A Coach’s Commentary
Vike head coach Chad Hill recently began his sixth season as the skipper for Union Pines varsity baseball. He has seen some special players come through the program over that span.
“We are coming off of a very solid year as a team,” Hill said, “but these two athletes right here (in Seth and Nic) are the ones that have pushed our team throughout the offseason in the weight room and on the field to not rest on last year’s accomplishments and instead go above and beyond the bar that was set.
“These two guys have put in hours and hours of time outside of practice to get better and to allow them this tremendous honor of being able to play collegiate baseball.”
When discussing Collins, Hill said he is a player that simply does not come along that often.
“Not only is he a wonderfully talented baseball player, but he’s just as talented on the academic side,” said Hill. “Nic has continued each season to get better and better and it is great to see his hard work come to fruition. As an eighth-grader playing for me in summer ball, I was amazed at his baseball knowledge and his understanding of the game.
“Nic has a way with his peers that he can be their buddy and a leader without compromising either relationship. Plus he is a wonderful kid. He will do great at Georgetown because he has a great work ethic in the classroom and on the field and that will help him throughout his life.
“I have not coached a kid with as much all-around talent, in the sense of having the physical ability and the mental capability to process situations and then figure out a solution — in my six years of coaching high school — I have never seen a better hitter than Nicholas Collins.”
Hill remembers Breasseale making huge strides during the offseason between his sophomore and junior season. According to Hill, he became a gym rat and a baseball junkie.
“Every conversation I had with him (Seth), he was talking about getting bigger and stronger and going to hit baseballs,” said Hill. “I told him back during his freshman year that I would love to see him work on a few things, so I could pencil him in at first base every day.
“We also talked after his 10th-grade season about how I am not a big batting average person, but rather I’m more worried about on-base percentage. Seth really took that to heart, and I believe his better pitch selection helped contribute to his unbelievable junior season. He was very well deserving of the player of the year award and I was extremely proud when he won it.”
Tale of Two Players
During their junior seasons, both Breasseale and Collins shined blazingly bright. However the path each player took to attain that high level of production is markedly different. While both trips involved dedication and practice, for Collins the skill set, power and consistency was a given by his sixth game as a freshman, which is buttressed by his being the runner-up in the CFVC player of the year voting as a sophomore.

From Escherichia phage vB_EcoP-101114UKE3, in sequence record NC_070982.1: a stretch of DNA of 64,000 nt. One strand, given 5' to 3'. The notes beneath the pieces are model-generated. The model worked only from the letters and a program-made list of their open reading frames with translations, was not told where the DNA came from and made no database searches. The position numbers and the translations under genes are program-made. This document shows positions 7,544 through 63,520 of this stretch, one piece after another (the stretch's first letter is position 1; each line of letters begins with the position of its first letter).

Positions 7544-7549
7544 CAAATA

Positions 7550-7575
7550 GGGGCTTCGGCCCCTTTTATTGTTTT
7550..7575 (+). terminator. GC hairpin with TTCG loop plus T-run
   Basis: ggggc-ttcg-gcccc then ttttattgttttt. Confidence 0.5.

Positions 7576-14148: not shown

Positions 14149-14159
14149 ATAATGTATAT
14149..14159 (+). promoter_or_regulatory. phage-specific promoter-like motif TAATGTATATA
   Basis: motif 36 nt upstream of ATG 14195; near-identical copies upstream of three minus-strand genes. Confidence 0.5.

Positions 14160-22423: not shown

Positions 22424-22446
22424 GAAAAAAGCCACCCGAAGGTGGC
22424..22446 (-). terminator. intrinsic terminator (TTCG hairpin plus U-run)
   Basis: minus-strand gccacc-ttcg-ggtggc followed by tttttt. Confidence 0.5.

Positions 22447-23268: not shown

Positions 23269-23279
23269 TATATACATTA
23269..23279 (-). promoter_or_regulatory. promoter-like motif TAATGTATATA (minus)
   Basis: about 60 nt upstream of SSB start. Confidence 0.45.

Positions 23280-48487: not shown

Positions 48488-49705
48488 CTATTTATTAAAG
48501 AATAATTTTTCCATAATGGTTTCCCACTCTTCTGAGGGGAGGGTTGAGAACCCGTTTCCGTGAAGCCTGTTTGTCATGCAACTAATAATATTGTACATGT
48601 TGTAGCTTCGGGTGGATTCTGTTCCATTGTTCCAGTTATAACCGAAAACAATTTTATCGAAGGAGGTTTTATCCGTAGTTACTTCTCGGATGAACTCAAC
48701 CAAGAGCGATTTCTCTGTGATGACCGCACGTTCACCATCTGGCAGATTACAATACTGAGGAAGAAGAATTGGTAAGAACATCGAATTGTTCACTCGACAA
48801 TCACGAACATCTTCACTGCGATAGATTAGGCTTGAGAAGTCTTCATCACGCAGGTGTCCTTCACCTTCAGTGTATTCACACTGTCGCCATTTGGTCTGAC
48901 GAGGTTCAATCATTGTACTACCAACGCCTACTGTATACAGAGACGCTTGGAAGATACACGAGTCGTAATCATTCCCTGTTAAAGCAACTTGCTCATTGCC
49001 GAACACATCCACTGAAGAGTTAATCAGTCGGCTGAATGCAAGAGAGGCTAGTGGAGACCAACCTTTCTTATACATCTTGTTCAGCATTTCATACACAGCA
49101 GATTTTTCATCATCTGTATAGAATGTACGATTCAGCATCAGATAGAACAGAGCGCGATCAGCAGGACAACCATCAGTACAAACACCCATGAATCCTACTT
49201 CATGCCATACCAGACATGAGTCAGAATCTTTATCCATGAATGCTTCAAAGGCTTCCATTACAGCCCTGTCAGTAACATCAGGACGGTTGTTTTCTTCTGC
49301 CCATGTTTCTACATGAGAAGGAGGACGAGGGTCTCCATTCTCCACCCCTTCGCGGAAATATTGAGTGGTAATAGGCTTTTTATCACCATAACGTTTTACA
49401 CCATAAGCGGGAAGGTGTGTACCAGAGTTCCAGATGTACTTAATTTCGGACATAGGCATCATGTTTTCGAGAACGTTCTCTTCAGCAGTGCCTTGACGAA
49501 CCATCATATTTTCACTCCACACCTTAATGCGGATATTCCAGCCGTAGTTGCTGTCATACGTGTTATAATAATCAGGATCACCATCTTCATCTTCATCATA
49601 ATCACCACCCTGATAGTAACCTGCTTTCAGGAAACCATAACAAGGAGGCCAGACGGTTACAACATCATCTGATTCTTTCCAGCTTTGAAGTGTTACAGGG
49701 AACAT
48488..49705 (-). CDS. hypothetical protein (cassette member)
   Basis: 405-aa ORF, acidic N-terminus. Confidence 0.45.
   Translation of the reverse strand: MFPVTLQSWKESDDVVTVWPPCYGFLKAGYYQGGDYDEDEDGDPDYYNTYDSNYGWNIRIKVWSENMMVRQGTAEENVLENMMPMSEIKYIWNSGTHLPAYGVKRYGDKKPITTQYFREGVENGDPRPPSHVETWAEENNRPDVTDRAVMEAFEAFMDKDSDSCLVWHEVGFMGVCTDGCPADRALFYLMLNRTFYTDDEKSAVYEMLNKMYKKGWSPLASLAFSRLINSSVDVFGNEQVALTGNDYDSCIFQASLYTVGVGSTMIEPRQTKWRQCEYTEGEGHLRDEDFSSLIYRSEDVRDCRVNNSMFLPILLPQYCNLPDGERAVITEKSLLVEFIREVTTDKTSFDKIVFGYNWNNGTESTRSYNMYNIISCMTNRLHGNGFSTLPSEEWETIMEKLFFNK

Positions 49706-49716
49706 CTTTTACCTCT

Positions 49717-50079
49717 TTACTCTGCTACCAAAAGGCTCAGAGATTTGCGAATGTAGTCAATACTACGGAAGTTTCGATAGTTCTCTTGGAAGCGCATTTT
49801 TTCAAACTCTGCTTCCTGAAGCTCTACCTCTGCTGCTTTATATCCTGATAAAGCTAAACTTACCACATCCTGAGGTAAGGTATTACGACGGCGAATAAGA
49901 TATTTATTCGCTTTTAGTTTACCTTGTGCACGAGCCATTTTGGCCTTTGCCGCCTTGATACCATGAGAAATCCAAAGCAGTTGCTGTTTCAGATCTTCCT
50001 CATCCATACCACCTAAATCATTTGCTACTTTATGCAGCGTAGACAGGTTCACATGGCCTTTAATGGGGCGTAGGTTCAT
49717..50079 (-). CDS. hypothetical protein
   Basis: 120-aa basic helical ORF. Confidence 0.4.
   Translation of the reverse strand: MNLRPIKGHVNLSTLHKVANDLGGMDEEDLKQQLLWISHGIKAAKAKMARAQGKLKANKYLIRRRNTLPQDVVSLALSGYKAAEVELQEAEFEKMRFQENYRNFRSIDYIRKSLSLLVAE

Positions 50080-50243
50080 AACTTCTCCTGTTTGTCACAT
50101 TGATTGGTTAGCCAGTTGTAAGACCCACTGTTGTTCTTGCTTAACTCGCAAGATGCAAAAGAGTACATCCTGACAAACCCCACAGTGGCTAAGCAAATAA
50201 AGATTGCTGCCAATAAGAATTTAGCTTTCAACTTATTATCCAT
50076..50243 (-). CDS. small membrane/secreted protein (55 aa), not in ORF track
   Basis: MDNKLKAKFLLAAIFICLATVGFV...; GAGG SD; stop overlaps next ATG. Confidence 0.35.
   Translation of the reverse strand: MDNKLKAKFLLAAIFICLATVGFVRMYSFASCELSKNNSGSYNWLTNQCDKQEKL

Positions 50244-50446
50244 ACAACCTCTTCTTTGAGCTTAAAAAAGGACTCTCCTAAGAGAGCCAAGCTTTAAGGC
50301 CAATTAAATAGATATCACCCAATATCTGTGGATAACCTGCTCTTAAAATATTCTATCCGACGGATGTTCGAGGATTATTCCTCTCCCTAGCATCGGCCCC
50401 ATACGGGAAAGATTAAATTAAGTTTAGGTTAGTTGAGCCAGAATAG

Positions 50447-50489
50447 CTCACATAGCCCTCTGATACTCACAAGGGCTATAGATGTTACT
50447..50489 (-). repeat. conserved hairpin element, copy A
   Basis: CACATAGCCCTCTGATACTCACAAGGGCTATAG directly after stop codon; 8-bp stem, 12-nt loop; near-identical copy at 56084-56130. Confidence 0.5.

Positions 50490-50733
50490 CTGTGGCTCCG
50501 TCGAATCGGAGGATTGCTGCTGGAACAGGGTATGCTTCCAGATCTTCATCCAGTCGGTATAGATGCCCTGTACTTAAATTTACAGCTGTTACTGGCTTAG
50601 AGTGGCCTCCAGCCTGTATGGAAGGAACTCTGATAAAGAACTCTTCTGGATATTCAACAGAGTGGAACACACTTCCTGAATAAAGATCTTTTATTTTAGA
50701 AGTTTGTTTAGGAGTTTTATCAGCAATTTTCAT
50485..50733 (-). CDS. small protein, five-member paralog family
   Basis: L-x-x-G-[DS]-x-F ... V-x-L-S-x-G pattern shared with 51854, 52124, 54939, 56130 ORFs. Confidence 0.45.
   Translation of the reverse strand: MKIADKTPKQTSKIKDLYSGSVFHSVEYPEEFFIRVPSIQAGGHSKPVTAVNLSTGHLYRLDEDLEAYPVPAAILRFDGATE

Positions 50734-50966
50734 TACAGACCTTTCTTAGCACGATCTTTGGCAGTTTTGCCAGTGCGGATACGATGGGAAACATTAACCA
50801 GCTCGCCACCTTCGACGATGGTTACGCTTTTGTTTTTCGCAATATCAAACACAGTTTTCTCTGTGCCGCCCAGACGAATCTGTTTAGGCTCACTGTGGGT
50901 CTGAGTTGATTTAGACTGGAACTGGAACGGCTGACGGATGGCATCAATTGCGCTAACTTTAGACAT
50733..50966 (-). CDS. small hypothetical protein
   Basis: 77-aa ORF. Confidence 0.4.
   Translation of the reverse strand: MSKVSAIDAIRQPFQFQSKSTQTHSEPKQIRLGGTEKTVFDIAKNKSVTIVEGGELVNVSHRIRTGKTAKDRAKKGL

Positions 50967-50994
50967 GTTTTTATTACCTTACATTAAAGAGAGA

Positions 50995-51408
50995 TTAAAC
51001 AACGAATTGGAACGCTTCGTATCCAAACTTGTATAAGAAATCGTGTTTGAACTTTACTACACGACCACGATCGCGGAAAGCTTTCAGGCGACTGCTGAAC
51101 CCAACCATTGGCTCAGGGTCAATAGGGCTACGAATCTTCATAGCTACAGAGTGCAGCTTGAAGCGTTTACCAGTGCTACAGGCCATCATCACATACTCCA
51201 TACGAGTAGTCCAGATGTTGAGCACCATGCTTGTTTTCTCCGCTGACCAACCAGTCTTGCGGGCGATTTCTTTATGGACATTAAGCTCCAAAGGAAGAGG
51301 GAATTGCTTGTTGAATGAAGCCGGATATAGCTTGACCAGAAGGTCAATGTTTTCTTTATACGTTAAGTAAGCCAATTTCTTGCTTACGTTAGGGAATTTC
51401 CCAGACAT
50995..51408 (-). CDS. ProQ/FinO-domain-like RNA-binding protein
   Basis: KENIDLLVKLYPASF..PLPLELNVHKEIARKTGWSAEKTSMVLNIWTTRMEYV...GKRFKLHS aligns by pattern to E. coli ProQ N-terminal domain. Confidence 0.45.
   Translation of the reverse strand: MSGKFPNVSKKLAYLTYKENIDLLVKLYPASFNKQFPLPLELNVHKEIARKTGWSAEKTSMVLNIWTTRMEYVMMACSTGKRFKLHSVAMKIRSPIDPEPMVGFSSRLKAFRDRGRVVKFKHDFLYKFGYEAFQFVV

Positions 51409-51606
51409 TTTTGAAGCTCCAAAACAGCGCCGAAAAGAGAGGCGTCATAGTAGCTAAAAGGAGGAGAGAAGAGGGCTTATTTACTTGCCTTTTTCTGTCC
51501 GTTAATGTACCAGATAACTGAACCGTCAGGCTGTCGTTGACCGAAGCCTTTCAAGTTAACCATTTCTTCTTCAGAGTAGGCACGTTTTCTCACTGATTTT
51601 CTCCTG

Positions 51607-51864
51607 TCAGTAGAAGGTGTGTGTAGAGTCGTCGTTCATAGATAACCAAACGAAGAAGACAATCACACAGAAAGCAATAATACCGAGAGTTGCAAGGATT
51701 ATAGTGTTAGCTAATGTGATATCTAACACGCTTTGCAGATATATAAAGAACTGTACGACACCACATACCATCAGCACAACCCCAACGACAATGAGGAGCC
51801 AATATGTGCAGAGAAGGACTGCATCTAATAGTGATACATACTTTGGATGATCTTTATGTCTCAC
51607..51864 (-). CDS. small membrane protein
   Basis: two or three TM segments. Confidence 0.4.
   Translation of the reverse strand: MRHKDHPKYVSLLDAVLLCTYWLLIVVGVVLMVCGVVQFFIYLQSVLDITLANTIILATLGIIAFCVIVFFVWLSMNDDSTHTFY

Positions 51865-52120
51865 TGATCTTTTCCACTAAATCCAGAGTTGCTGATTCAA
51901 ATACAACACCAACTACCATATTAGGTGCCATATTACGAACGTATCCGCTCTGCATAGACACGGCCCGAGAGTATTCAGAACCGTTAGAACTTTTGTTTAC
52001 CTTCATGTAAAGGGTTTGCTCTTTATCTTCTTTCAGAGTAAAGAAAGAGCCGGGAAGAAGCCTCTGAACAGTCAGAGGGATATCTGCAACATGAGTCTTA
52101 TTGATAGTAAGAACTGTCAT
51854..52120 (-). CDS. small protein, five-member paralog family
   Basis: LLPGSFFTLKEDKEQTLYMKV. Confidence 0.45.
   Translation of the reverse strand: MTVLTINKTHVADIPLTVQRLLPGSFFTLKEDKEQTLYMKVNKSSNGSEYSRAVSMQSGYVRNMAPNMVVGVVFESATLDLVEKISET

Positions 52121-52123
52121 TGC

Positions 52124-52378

For Breasseale, the road to becoming an elite player was a bit bumpier.
“My sophomore season was the worst season of my life” he admitted. “I led the team in strikeouts and hit .198. After that season I realized I never wanted to be like that again, I wanted to play to the best of my abilities and, more important, if I wanted to play college ball I really needed to step it up.
“Consequently I was dedicated wholeheartedly to baseball and there was no stopping me. Even a setback due to a football injury could not hold me back. I broke my thumb and wore in a cast for four months. It was painful but it was truly a blessing, because when that cast came off I worked harder than anyone. I was in the cages getting lessons, lifting and throwing with fury because I wanted to make up for the time that I had lost. It paid off.
Seth’s father, Scott Breasseale, remembers that once his son was able to drive that his work ethic really took off.
“Once Seth got his driver’s license, he got up and drove himself every Saturday and still does today,” said Scott. “He was determined to work on every aspect of his game — on his own — and he knew if he could hit the ball well, the rest of his game would fall into place. I’ve never seen anyone his age so dedicated to the sport.”
Throughout Breasseale’s and Collins’ Viking careers, it has become common place to see both lads mothers and fathers at every game — home and away. With both sets of his grandparents residing locally, Collins often has a large contingent of family supporters, including his older brother, Todd, who graduate from Union Pines in 2009 and his younger brother, Mason, who will will be a sophomore on the squad this season.
Moreover the two sets of families have become a close unit and it is evident before, after and during every game the youngsters play.
Jeff Collins, Nic’s father, was the long time PA announcer for home games at Viking field, while his wife and Nic’s mom, Sarah, often volunteers at the concession stand. However, Jeff happily relinquished his role as announcer a year or two ago so that he could enjoy watching the games more intently.